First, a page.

Looking back over my last three blogs for Emotion and Motivation I see a passion and genuine interest from myself in the topics I’m writing about, I see the reason I wanted to do this module and because of these things I see myself being intrinsically motivated (Deci & Ryan, 2001).
It’s not just my personal interest that has worked to motivate me intrinsically however, having control and autonomy over what I’m writing about has been shown to positively influence intrinsic motivation (Levesque et al, 2010) and having this autonomy and control each week has increased my motivation as I’ve wrote about different subject areas (Radel et al, 2014). One of the main factors here is argued to be that not only did I control the content, but my approach to said content and what I wanted to get out of each blog was also down to me (Wu, 2003) enhancing my motivation.
The advantages of this intrinsic motivation over the usual extrinsic motivation is argued to be that I will achieve better grades than I otherwise would have been able to achieve (Lin, McKeachie & Kim, 2001) and I have been more easily motivated to complete the work and struggled with doing it less than I otherwise would (Robinson et al, 2012). I am better able to share the information which I have learnt through my blogs (Hung et al, 2011), and I was more likely to succeed in finding the research and completing my aims with each blog (David et al, 2007).
Personally I enjoyed completing the blogs and really appreciated the freedom to research and learn about what I wanted to do; the exploitation of our personal interest creates the strange paradox that not focusing on our grades should actually improve our grades (Lin, McKeachie & Kim, 2001), which is a strong argument for wider spread use of blogs as a teaching method.
I took Emotion and Motivation because of their roles in military psychology and the blogs allowed me to put some research into areas related to that which I otherwise would not have covered, hence my personal interest which helped motivate me (Deci & Ryan, 2001), and my gratitude for the opportunity to do that.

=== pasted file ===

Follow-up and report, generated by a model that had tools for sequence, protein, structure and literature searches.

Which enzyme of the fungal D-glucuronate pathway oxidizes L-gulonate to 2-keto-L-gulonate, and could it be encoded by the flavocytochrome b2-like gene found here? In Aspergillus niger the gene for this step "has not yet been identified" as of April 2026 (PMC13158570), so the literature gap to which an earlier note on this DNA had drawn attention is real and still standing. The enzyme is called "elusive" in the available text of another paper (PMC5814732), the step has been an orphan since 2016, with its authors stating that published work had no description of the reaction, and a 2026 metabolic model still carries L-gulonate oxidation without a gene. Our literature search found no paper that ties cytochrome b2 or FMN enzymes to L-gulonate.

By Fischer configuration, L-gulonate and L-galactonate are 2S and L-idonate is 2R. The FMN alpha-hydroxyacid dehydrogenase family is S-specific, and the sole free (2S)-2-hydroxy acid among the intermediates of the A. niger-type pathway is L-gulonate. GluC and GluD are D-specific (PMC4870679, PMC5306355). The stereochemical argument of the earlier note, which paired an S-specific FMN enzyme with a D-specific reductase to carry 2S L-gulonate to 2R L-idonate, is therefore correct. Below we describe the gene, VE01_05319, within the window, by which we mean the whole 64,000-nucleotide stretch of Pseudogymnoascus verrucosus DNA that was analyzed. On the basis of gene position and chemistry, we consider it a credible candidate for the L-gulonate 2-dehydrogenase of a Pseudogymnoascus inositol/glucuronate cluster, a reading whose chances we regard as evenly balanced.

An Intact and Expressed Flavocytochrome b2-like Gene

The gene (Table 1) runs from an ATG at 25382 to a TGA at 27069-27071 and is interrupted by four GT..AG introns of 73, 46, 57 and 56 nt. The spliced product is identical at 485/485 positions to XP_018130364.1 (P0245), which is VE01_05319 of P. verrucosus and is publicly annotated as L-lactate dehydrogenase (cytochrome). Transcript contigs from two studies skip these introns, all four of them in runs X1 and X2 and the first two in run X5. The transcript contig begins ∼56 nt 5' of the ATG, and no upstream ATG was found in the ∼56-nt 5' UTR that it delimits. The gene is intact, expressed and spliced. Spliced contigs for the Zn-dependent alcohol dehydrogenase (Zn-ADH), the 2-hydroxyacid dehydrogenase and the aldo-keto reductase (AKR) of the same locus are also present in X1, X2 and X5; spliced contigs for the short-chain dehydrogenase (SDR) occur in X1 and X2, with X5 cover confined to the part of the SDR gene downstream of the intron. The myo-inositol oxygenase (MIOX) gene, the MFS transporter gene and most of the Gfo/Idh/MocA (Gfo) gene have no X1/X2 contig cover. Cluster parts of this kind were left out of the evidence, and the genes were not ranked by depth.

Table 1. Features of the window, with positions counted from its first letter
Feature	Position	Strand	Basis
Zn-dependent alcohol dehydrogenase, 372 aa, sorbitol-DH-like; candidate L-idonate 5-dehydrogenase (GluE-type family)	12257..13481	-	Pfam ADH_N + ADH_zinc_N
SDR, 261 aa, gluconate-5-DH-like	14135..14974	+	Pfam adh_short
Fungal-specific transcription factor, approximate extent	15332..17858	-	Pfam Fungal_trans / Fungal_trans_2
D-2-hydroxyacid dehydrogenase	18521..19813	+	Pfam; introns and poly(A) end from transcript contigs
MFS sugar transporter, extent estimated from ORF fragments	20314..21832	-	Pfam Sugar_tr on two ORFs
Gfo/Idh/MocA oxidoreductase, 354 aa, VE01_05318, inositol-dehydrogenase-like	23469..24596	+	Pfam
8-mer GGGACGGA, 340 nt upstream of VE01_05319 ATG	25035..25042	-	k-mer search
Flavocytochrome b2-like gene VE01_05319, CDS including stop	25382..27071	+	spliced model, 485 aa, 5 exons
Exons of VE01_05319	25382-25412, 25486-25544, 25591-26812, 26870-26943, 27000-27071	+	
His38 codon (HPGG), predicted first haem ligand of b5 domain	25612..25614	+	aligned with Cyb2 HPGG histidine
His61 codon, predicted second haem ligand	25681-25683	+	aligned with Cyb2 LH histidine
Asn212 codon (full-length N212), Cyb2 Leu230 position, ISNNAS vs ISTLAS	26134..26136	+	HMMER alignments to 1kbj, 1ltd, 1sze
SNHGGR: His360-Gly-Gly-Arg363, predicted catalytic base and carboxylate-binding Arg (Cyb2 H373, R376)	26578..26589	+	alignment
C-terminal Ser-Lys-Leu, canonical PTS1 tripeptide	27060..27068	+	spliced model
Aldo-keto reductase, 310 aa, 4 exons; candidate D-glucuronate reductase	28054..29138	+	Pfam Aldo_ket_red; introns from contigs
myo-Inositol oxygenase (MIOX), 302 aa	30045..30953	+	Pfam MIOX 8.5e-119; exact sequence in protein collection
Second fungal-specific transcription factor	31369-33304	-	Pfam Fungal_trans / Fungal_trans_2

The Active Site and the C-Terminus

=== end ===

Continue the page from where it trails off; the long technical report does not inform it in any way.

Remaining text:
– – – – – References – – – – –
David, P., Song, M., Hayes, A., & Fredin, E. S. (2007). A cyclic model of information seeking in hyperlinked environments: The role of goals, self-efficacy, and intrinsic motivation. International Journal of Human-Computer Studies,65(2), 170-182.
Deci, E. L. & Ryan, R. M. (2001). Intrinsic Motivation, Psychology of. International Encyclopedia of the Social & Behavioural Sciences. 7886-7888.
Hung, S. Y., Durcikova, A., Lai, H. M., & Lin, W. M. (2011). The influence of intrinsic and extrinsic motivation on individuals’ knowledge sharing behavior.International Journal of Human-Computer Studies, 69(6), 415-427.
Levesque, C., Copeland, K. J., Pattie, M. D. & Deci, E. (2010) Intrinsic & Extrinsic Motivation. International Encyclopedia of Education, (3). 618-623.
Lin, Y. G., McKeachie, W. J., & Kim, Y. C. (2001). College student intrinsic and/or extrinsic motivation and learning. Learning and Individual Differences,13(3), 251-258.
Radel, R., Pelletier, L., Baxter, D., Fournier, M., & Sarrazin, P. (2014). The paradoxical effect of controlling context on intrinsic motivation in another activity. Learning and Instruction, 29, 95-102.
Robinson, L. J., Stevens, L. H., Threapleton, C. J., Vainiute, J., McAllister-Williams, R. H., & Gallagher, P. (2012). Effects of intrinsic and extrinsic motivation on attention and memory. Acta psychologica, 141(2), 243-249.
Wu, X. (2003). Intrinsic motivation and young language learners: The impact of the classroom environment. System, 31(4), 501-517.